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What Are The Signs Or Symptoms Of Heel Spur

September 27, 2015
Calcaneal Spur

Overview

A heel spur is a calcium deposit on the underside of the heel bone. Heel spurs are related to plantar fasciitis in that both are caused by irritation and lack of support of the plantar ligaments. Your plantar ligaments are a band of connective tissue that extend along the bottom of the foot and connect your heel bone to the ball of your foot.

Causes

Heel spurs are common in patients who have a history of foot pain caused by plantar fasciitis. In the setting of plantar fasciitis, heel spurs are most often seen in middle-aged men and women, but can be found in all age groups. The heel spur itself is not thought to be the primary cause of pain, rather inflammation and irritation of the plantar fascia is thought to be the primary problem. A heel spur diagnosis is made when an X-ray shows a hook of bone protruding from the bottom of the foot at the point where the plantar fascia is attached to the heel bone.

Posterior Calcaneal Spur

Symptoms

It is important to be aware that heel spurs may or may not cause symptoms. Symptoms are usually related to the plantar fasciitis. You may experience significant pain and it may be worse in the morning when you first wake up or during certain physical activities such as, walking, jogging, or running.

Diagnosis

A thorough medical history and physical exam by a physician is always necessary for the proper diagnosis of heel spurs and other foot conditions. X rays of the heel area are helpful, as excess bone production will be visible.

Non Surgical Treatment

Acupuncture and acupressure can used to address the pain of heel spurs, in addition to using friction massage to help break up scar tissue and delay the onset of bony formations. Physical therapy may help relieve pain and improve movement. The Feldenkrais method could be especially helpful for retraining some of the compensation movements caused by the pain from the spur. Guided imagery or a light massage on the foot may help to relieve some of the pain. Other treatments include low-gear cycling, and pool running. Some chiropractors approve of moderate use of aspirin or ibuprofen, or other appropriate anti-inflammatory drugs. Chiropractic manipulation is not recommended, although chiropractors may offer custom-fitted shoe orthotics and other allopathic-type treatments.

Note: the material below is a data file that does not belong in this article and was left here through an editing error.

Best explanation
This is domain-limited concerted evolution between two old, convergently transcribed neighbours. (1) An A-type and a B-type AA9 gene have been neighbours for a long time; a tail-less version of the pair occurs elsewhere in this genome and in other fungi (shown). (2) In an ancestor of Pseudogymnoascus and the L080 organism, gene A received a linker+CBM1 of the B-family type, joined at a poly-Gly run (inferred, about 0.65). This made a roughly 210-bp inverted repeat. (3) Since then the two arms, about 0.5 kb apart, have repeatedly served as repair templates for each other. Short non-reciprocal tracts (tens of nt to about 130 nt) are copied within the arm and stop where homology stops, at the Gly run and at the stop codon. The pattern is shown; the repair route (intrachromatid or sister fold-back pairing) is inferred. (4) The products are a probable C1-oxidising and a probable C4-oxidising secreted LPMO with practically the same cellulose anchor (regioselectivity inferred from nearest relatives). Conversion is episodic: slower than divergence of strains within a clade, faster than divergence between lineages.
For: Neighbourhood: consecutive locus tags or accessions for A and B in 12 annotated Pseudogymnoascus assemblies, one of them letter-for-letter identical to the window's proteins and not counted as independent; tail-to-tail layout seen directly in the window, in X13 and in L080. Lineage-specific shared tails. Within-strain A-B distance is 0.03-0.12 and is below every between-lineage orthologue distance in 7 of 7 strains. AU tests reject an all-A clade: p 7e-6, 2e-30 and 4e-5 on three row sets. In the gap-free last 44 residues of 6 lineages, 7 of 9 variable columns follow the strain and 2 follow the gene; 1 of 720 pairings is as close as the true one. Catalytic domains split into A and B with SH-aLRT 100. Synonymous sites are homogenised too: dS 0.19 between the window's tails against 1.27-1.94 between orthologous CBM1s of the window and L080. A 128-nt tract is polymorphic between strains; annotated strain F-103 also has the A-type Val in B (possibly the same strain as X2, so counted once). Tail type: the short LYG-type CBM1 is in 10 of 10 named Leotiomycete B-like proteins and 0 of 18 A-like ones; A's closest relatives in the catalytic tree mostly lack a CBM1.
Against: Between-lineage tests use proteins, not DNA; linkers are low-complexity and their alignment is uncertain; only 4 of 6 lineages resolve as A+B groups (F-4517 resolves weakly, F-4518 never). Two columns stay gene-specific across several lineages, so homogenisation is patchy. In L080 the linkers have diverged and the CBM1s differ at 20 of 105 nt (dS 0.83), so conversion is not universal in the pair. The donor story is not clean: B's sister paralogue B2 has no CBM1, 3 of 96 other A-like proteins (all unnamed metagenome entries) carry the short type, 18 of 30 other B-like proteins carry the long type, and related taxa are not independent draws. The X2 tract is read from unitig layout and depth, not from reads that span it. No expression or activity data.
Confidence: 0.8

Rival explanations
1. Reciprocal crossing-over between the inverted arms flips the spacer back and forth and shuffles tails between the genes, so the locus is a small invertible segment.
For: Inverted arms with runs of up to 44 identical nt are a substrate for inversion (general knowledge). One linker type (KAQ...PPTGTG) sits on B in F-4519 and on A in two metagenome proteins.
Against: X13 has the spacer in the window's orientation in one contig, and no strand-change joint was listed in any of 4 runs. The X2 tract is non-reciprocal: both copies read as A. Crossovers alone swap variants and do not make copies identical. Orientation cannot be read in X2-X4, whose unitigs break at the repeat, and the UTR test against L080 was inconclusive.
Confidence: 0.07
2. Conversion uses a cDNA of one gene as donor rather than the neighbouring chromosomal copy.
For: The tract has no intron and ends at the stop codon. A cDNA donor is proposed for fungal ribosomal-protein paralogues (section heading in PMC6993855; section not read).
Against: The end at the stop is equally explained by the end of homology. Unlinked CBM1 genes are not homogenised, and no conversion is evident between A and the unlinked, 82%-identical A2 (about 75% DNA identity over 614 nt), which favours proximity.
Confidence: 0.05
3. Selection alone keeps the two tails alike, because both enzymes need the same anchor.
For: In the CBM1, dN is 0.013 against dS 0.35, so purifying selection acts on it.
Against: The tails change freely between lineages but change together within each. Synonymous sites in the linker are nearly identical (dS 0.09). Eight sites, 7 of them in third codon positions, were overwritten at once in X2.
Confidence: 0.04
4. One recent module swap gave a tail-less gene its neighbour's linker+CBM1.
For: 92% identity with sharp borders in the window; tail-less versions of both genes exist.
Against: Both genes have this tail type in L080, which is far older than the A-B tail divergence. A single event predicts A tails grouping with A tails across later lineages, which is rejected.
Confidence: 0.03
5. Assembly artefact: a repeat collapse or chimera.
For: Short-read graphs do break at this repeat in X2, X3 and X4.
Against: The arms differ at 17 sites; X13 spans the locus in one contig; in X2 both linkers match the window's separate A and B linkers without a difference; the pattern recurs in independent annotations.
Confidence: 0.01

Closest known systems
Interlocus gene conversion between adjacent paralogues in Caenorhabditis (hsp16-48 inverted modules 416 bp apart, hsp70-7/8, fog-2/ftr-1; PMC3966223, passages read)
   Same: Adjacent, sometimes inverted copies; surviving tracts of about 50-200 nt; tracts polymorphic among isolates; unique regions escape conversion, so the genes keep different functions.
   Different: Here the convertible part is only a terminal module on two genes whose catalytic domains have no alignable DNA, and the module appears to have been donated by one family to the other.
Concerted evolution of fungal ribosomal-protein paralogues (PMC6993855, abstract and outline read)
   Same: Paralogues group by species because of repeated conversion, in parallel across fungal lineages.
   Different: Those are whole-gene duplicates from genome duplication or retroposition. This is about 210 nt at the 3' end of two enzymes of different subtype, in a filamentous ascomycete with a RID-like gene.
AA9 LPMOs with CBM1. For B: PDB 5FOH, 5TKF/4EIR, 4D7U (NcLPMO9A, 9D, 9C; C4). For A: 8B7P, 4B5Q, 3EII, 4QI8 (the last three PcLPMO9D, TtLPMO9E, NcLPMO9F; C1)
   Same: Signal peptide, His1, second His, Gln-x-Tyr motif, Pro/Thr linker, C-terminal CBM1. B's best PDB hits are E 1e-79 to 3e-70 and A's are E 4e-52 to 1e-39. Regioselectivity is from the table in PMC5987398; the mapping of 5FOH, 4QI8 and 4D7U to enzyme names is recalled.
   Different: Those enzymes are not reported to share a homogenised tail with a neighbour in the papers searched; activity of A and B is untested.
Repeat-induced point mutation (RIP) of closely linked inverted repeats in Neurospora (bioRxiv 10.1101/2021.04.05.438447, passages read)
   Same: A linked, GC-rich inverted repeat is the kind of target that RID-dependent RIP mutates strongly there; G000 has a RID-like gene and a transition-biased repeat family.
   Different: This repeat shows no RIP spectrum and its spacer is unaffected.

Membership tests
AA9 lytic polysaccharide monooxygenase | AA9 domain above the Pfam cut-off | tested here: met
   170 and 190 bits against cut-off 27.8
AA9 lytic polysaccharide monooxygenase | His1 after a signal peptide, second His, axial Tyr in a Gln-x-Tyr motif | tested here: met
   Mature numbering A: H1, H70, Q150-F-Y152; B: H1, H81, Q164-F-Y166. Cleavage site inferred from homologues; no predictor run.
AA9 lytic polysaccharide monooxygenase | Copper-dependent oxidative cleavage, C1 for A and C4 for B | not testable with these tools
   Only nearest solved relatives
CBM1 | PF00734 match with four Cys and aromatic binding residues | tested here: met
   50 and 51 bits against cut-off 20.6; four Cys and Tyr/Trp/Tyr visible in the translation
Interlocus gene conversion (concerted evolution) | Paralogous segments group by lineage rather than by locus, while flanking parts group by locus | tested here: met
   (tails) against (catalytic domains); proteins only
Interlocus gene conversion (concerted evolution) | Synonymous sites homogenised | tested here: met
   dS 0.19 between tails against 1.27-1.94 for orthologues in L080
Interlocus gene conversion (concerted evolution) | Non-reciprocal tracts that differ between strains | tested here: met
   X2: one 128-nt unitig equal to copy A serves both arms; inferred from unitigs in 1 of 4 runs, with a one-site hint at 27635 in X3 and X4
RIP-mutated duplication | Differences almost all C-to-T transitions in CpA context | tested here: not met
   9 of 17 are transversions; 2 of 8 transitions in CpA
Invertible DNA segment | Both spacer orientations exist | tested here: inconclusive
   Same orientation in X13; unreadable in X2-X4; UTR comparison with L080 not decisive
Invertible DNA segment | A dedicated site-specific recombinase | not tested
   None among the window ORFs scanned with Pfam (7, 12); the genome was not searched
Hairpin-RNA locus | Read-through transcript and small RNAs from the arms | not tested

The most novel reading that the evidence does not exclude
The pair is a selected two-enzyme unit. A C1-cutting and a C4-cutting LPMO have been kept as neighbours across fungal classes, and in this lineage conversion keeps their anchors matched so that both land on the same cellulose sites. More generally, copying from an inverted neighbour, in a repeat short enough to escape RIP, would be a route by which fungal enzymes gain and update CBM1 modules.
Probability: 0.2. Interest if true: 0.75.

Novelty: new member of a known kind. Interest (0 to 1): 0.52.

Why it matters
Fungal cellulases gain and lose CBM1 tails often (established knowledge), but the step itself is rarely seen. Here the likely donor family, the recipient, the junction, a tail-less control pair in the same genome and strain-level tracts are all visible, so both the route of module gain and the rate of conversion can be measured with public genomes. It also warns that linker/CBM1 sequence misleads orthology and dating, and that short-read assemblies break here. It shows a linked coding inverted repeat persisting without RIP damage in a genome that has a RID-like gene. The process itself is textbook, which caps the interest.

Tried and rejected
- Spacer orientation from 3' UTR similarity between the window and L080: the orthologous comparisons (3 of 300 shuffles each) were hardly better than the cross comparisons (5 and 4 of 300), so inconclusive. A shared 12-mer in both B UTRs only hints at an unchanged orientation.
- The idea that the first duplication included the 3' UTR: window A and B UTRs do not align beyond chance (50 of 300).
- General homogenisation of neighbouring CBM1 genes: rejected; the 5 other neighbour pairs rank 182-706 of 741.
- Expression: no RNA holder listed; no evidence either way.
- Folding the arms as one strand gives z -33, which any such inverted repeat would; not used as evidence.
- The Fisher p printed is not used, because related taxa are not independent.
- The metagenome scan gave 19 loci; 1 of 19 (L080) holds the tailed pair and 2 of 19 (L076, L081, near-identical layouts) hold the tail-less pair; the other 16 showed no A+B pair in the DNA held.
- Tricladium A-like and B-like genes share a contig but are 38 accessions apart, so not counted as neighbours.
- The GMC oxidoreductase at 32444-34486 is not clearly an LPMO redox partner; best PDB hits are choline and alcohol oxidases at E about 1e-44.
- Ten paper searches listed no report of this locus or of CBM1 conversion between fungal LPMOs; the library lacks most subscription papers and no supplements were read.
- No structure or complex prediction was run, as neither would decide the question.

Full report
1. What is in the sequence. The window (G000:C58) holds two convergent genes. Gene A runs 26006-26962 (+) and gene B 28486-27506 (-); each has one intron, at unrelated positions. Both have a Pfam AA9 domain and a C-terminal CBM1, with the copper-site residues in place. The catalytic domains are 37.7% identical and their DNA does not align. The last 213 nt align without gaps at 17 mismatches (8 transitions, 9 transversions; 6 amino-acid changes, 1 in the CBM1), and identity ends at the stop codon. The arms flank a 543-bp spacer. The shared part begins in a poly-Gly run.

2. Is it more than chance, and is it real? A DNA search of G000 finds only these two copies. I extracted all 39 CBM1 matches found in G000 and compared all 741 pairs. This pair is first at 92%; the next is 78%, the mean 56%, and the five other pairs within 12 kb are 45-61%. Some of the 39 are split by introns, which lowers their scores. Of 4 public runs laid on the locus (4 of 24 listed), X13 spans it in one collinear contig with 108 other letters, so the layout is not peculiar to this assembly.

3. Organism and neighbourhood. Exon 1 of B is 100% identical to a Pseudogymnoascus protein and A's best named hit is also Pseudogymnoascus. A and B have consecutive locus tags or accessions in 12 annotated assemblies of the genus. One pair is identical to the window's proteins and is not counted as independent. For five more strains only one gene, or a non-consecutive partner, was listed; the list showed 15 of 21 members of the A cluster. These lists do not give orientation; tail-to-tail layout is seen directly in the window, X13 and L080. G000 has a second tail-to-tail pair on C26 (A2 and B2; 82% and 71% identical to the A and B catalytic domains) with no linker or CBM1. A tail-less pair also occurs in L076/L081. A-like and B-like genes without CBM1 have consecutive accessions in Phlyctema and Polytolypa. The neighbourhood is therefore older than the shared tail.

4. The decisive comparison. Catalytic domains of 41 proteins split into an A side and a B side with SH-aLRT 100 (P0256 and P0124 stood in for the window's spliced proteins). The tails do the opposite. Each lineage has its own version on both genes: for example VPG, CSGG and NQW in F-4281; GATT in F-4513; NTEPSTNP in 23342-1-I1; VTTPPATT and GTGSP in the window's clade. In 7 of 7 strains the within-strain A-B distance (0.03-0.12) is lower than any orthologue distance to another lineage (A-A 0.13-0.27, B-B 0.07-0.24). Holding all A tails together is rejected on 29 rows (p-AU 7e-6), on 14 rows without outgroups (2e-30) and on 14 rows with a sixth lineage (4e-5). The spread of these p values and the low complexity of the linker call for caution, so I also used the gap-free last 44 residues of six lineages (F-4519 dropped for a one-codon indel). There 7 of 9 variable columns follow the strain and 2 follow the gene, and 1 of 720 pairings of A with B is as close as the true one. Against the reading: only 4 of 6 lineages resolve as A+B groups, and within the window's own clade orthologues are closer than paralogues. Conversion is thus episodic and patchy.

Surgical Treatment

More than 90 percent of people get better with nonsurgical treatments. If conservative treatment fails to treat symptoms of heel spurs after a period of 9 to 12 months, surgery may be necessary to relieve pain and restore mobility. Surgical techniques include release of the plantar fascia, removal of a spur. Pre-surgical tests or exams are required to identify optimal candidates, and it's important to observe post-surgical recommendations concerning rest, ice, compression, elevation of the foot, and when to place weight on the operated foot. In some cases, it may be necessary for patients to use bandages, splints, casts, surgical shoes, crutches, or canes after surgery. Possible complications of heel surgery include nerve pain, recurrent heel pain, permanent numbness of the area, infection, and scarring. In addition, with plantar fascia release, there is risk of instability, foot cramps, stress fracture, and tendinitis.

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